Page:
What Thier and Hill seem to miss is that working in any aspect of the sex industry is dangerous. Men and women do it for a variety of reasons, often summarized into three categories: choice, circumstance, and coercion. Even if you exclude those who are coerced into participation, you need to take into account that many people in the sex industry are not planning to make life-long careers out of it. The Nina Hartleys of the world are few and far between. Most likely, people tend to get in, get paid and get out.
The problem is that in this social climate you can’t get out if your sex industry identity becomes irrevocably tied to you — and in many cases, if it’s discovered, it won’t just get tied to you, it will be branded on you. No matter how long ago it happened. We’ve seen it again and again: Sarah Tressler, a society columnist at the Houston Chronicle, was fired for moonlighting as a stripper; Stacie Halas, a middle school teacher, was fired because despite the fact that her nine month stint in skin was long since over, the materials continue to be available over the internet; Tericka Dye, a science teacher and volleyball coach, was suspended and her contract not renewed because almost two decades prior, she’d been in porn; Kevin Hogan, head of the English department at a high school, was sacked over his porn past despite an illustrious teaching career; Tiffany Shepherd, a biology teacher, was let go after photos of her in a bikini surfaced — after a divorce she’d taken a gig as a cruise hottie at Smokin’ Em Charters; Carlie Beck, a cheerleading coach, was fired for being a Playboy‘s Cyber Girl of the Week; Sasha Grey, long since mainstream, can’t even read a story to little kids, for God’s sake …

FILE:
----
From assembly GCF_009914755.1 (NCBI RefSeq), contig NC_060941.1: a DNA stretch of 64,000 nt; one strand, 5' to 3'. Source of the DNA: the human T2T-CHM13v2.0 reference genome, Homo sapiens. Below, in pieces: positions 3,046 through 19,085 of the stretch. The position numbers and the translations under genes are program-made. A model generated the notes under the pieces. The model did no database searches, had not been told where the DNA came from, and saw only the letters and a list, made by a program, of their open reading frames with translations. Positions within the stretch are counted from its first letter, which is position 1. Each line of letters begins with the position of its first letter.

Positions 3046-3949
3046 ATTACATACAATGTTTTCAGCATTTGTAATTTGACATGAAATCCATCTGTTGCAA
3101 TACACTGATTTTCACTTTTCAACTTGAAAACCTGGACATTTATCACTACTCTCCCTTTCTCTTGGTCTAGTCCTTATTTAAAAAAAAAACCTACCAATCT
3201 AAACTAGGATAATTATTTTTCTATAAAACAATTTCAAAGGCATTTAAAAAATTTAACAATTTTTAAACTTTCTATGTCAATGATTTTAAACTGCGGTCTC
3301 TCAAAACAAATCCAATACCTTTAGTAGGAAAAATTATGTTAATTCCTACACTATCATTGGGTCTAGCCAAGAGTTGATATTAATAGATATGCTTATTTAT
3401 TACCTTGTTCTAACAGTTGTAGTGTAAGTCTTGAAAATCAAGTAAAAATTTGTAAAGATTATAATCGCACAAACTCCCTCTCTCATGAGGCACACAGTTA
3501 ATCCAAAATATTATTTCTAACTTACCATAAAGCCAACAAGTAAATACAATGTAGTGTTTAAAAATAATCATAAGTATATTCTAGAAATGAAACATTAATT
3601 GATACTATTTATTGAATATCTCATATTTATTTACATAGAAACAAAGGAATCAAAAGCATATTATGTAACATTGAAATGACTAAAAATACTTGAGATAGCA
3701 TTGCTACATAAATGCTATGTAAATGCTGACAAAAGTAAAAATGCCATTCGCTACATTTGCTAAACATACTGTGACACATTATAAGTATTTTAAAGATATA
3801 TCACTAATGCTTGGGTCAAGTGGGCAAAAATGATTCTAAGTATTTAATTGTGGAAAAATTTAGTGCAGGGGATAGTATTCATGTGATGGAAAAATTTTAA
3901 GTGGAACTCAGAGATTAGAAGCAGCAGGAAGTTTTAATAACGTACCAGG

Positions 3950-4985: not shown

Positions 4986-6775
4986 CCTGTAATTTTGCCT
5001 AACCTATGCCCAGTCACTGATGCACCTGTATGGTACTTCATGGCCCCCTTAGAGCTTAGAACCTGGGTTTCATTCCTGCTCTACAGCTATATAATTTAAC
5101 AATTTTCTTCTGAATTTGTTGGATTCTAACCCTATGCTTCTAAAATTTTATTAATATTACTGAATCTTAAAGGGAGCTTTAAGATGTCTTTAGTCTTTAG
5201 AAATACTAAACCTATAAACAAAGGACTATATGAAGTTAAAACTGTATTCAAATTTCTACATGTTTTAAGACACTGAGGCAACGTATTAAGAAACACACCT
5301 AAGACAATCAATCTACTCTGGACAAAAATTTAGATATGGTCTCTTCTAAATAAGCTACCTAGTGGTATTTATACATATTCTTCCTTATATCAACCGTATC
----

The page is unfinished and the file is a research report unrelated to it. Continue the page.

I could go on. But I think you get the idea. Being in the sex industry isn’t like being a writer, where people can ignore, if not forgive, the fact that you once wrote for a fish-wrapper. It’s not like being a web dev, where no one really cares what you’ve worked on so long as you know what you’re doing.
The sex industry, even the legal aspects, are a completely different animal. Working within it will cost you any hope of work afterward if you’re not careful. It will be dredged up whenever a crime is committed against you, as evidence that maybe, just maybe you deserve that crime a little more than a “good” person. It will be dragged out during divorces. Custody cases. Forget adopting. Good luck with health insurance.